Americans and Kuwaitis test their mettle in Lightning Eagle's organized chaos
By CHRIS CHURCH | STARS AND STRIPES Published: December 17, 2016
CAMP BUEHRING, Kuwait — An M1A2 Abrams tank can give you a sense of comfort and security when you’re sitting in it. That’s especially the case when your tank is in a formation with a contingent of U.S. and Kuwaiti armor, artillery, mortars and snipers. It’s the stuff of an adversary’s nightmares.
But that comfort faded swiftly to organized chaos as a joint exercise got underway, beginning with the whooshing sound of artillery and mortars hitting targets in the distance, quick radio chatter, tanks roaring across the desert and Apaches flying overhead.
Swift and organized is exactly what the U.S. and Kuwaitis wanted as they proceeded last week with their first combined joint live fire exercise in six years — unofficially called Operation Lightning Eagle — involving the U.S. Army and the Kuwaiti army and air force. This level of integration is what U.S. Army Central Command, or ARCENT, is looking for with all of its partnerships in the Middle East.
“What we are doing here today is working with our Kuwaiti counterparts, trying to use this exercise as a stepping stone for Kuwaiti-U.S. partnership exercises in the future where instead of doing it at the company level, we do it at the battalion and maybe even brigade (level),” said Col. Robert E. Lee Magee, commander of the 3rd Brigade Combat Team, 1st Armored Division.
The 3rd Brigade Combat Team, 1st Armored Division, is currently deployed to the Middle East as a contingency force and to conduct large engagements with allied countries.
With more than 22,000 soldiers supporting a region that covers 20 countries in the Middle East, U.S. Army Central Command aims to provide stability in the most unstable part of the world. A large part of ARCENT’s mission involves theater support operations, such as logistical and equipment support for campaigns in Iraq and Afghanistan and engagements with regional partner nations.
“We partner with nations across the region and do these focus training events to really work on interoperability between U.S. forces and local forces, so if we do have to do a contingency operation together, we are prepared to do it,” said Maj. Gen. William B. Hickman, ARCENT’s deputy commanding general of operations. Similar training was being conducted elsewhere in the region, he said.
Regional instability is a driving factor for ARCENT’s presence and the need for partnerships. U.S. and NATO forces are still involved in a 15-year war in Afghanistan, a U.S.-led coalition is fighting the Islamic State group in Iraq and Syria, and a Saudi-led coalition is combatting the Iranian-backed Houthi rebels in Yemen. Counterinsurgency operations are being conducted throughout a region where terrorist attacks are fairly common.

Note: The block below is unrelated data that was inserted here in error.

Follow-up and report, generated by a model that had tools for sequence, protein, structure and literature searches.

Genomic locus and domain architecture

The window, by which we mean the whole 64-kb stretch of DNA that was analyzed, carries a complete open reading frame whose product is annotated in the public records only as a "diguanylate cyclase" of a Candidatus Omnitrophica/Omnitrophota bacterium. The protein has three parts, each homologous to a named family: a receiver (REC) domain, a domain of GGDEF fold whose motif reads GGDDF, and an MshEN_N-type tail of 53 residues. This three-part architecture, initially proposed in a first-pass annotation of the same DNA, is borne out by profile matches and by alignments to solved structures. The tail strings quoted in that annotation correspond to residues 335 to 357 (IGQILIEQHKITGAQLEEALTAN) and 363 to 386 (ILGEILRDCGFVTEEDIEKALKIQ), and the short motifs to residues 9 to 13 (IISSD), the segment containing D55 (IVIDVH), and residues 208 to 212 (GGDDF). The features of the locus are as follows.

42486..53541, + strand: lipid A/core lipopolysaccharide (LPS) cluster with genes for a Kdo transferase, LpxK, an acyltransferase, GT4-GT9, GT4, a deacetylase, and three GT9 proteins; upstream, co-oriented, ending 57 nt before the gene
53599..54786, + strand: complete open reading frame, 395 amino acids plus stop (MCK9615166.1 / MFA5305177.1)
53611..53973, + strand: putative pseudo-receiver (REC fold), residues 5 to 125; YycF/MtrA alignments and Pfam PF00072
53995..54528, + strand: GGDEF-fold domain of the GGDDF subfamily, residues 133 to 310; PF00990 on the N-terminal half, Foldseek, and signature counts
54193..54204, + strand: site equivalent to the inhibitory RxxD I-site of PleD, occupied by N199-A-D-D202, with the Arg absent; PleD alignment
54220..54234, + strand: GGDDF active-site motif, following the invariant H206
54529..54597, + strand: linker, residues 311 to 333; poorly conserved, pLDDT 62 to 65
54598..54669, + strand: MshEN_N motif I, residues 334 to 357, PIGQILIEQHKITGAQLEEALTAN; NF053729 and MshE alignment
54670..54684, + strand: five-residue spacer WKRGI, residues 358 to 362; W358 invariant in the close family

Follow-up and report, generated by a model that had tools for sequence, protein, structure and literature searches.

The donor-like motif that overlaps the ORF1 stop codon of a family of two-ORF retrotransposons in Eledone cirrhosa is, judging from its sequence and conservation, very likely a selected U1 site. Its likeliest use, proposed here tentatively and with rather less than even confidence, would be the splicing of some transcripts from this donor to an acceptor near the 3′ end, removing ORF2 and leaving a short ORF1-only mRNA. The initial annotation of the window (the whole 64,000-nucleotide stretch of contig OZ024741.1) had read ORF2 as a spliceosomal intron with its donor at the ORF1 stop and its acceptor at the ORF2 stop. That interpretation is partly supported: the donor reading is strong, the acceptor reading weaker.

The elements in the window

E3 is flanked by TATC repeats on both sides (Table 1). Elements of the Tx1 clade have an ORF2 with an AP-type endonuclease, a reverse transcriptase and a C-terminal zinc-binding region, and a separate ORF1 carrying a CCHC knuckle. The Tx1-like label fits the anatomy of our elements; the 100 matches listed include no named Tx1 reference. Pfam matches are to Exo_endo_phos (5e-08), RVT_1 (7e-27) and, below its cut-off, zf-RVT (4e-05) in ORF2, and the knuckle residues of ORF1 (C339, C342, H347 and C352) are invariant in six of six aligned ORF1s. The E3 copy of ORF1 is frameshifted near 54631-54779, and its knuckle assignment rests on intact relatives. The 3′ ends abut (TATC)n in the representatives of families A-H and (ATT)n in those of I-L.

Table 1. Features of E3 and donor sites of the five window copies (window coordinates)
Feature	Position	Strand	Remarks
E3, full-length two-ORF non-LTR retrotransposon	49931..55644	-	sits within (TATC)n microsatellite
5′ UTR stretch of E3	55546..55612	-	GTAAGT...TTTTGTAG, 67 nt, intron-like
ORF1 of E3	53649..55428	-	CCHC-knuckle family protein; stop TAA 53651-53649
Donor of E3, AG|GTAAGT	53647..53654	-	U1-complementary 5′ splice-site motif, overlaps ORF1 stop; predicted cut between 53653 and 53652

“If you look around, almost every country in the Middle East right now has soldiers deployed somewhere doing combat operations,” Hickman said.
Forward presence is also necessary to protect U.S. and allied strategic interests in the region.
“It’s a region we have to stay engaged in every day,” Hickman said. “It’s not something we step back for and come back later. It’s about building trust with our partners ... so that if something does happen we are able to react to it very quickly.”
ARCENT stays busy conducting up to a dozen major drills with theater partners each year and a number of smaller engagements and leadership courses, according to ARCENT officials. Seventeen countries work with ARCENT on varying levels, including big partners like Afghanistan, Iraq and Kuwait.
The exercise in Kuwait involved about a dozen Abrams tanks each from the two armies. The Kuwaitis also provided a sniper and two Apache aircraft, while the U.S. fielded a three-man sniper team, mortar units and artillery units.
The event was preceded by months of intense planning between the partners.
“What I’m really trying to get after here is how do we work together for both defensive planning for Kuwait proper and how do we increase the capabilities for the Kuwaiti army overall by sharing what we’ve learned in combat and what we’ve learned in our deployments over the last 15 years.” Magee said.
For the Kuwaitis, the exercise also highlighted the importance of the relationship with the U.S.
“More than friends,” said a Kuwaiti official who spoke on condition of anonymity because he wasn’t authorized to talk to the media. “Like brothers. We work together, our company commanders stayed in the same vehicle to communicate their platoon ... that is a good relationship for us.”